Letting Go of Affection for Sin

By Ralph Martin 

Ralph Martin is president of Renewal Ministries in Ann Arbor, Michigan and director of graduate programs in the new evangelization at Sacred Heart Seminary in Detroit. He is the author of the best-selling The Fulfillment of All Desire: A Guidebook for the Journey to God Based on the Wisdom of the Saints. 


I loved studying the teachings of the greatest doctors of the church in the area of spirituality. It took me a long time from starting with John of the Cross and working through all six of the doctors I present in The Fulfillment of All Desire but I can’t tell you how helpful their wisdom has been for my own life and what a valuable resource this book has been for tens of thousands of its readers (and listeners!). I think God gave me the grace to be able to present their teachings in a clear, understandable, orderly way, providing an amazing road map for all of us as we continue on the spiritual journey. Let me, in this short blog, share just one of the many amazing and helpful insights that have meant a lot to many people, including myself. Francis de Sales provides important insight into something he calls “affection for sin.”                     

One of Francis’ most helpful insights is his teaching on the affection for sin. He points out that oftentimes we might turn away from serious sins in our life and try hard not to commit them, but still nurture affection for such sin, which greatly slows down our spiritual progress and disposes us to future falls.

He points out that although the Israelites left Egypt in effect, many did not leave it in affection. They complained to Moses that that greatly missed the leeks, garlic, and melons they had back in Egypt. They had physically left Egypt but the affection for Egypt was still in their hearts and slowed them down greatly on their journey to the Promised Land. The same can be true for many of us. We leave sin in effect, but reluctantly, and look back at it fondly, as did Lot’s wife when she looked back on the doomed city of Sodom.

Francis gives an amusing but telling example of how a doctor, for the purpose of health, might forbid a patient to eat melons lest he die. The patient therefore abstains from eating them, but “they begrudge giving them up, talk about them, would eat them if they could, want to smell them at least, and envy those who can eat them. In such a way weak, lazy penitents abstain regretfully for a while from sin. They would like very much to commit sins if they could do so without being damned. They speak about sin with a certain petulance and with liking for it and think those who commit sins are at peace with themselves.”1

Francis says this is like the person who would like to take revenge on someone “if only he could” or a woman who doesn’t intend to commit adultery but still wishes to flirt. Such souls are in danger. Besides the real danger of falling into serious sin again, having such a “divided heart” makes the spiritual life wearisome and the “devout” life of prompt, diligent, and frequent response to God’s will and inspirations virtually impossible.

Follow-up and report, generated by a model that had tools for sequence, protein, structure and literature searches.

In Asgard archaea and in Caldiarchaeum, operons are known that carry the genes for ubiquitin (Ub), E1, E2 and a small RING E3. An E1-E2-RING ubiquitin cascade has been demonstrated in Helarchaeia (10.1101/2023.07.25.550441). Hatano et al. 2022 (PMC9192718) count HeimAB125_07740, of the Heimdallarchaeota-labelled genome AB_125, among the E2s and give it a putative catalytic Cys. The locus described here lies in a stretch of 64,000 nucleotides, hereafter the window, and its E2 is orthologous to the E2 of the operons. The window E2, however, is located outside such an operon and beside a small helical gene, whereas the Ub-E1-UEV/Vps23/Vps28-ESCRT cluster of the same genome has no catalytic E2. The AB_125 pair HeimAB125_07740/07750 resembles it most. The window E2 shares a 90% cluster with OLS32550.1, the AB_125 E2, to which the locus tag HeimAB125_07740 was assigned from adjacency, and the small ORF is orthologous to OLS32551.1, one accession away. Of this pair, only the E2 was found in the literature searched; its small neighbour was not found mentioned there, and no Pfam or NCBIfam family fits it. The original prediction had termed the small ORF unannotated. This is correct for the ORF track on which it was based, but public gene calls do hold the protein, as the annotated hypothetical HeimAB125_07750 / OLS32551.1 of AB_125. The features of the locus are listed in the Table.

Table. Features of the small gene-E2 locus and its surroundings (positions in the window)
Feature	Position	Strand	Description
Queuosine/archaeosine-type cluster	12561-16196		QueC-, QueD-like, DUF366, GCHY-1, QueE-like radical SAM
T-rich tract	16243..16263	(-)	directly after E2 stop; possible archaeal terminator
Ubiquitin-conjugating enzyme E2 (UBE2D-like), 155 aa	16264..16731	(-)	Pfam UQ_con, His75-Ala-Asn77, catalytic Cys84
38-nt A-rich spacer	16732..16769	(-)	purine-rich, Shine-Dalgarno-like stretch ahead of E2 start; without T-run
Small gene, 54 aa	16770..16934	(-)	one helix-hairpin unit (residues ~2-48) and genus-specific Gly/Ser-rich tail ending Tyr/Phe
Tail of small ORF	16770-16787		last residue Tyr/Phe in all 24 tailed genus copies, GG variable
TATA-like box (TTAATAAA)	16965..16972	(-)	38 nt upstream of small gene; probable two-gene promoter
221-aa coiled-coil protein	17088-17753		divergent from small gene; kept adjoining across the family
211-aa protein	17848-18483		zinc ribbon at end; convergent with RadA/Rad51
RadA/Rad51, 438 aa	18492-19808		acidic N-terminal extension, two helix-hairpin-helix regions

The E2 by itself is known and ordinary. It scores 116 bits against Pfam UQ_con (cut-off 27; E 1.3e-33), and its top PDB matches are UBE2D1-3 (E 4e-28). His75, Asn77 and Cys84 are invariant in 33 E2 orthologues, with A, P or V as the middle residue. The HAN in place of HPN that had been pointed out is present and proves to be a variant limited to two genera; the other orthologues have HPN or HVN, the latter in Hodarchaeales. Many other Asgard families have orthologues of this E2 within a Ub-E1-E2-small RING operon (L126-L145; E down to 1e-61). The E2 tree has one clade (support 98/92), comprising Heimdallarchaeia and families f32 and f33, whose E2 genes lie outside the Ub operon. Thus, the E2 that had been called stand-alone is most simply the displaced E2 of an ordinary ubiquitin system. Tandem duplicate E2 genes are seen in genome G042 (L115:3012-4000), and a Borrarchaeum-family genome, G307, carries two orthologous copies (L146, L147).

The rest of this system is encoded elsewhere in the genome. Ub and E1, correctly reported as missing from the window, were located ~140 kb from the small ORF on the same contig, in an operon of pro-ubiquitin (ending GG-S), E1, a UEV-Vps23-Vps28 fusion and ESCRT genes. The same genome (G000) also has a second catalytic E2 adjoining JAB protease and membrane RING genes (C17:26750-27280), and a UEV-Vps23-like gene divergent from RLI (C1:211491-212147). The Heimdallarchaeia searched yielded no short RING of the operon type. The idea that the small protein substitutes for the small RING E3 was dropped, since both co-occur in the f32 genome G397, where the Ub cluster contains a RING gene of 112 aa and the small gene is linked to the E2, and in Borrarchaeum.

What does Francis propose as the remedy for such remaining attachment to the affection for sin? A recovery of the biblical worldview!

Francis himself leads the reader of the Introduction to the Devout Life through ten such meditations on these basic truths, focusing on all we have been given by God and the debt of gratitude we owe Him, the ugliness and horror of sin, the reality of judgment and hell, the great mercy and goodness of Jesus’ work of redemption, the shortness of life, and the great beauty and glory of heaven. Francis believes that there truly is power in the Word of God, and that meditating on the truth can progressively free us from remaining affection for sin.

The saints have a wonderful way of bringing the insight of Scripture into contact with the circumstances of our lives. Teresa of Avila puts it this way:

A great aid to going against your will is to bear in mind continually how all is vanity and how quickly everything comes to an end. This helps to remove our attachment to trivia and center it on what will never end. Even though this practice seems to be a weak means, it will strengthen the soul greatly and the soul will be most careful in very little things. When we begin to become attached to something, we should strive to turn our thoughts from it and bring them back to God—and His majesty helps.2

Francis knows that as long as we’re alive in this body the wounds of original sin and our past actual sins will cause affection for sin to spring up again and again. But it’s our response to this bent of our nature towards sin that is determinative of the progress we make on the spiritual journey. We need to grow in our hatred for sin so we can resist it when it makes its appeals. Catherine of Siena talks of the two-edged sword with which we fight the spiritual battle: one side is hatred for sin; the other is love for virtue.

The vigorous effort that the saints urge us to make in the struggle against sin is firmly grounded in the Scriptures.

Submit yourselves therefore to God. Resist the devil and he will flee from you. Draw near to God and he will draw near to you. Cleanse your hands, you sinners, and purify your hearts, you men of double mind. . . . Humble yourselves before the Lord and he will exalt you. (Jas 4:7–10)

May we do so, every time the affection for sin raises its ugly head!

[1] Francis de Sales, Introduction to the Devout Life,  Pt. I, Chapter 7.

[2] Teresa of Avila, The Way of Perfection, Chapter 10, no. 2.

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Ralph Martin's modern classic The Fulfillment of All Desire is a perennial best-seller. Drawing upon the teaching of seven acknowledged Spiritual Doctors of the Church, he presents an in-depth study of the journey to God.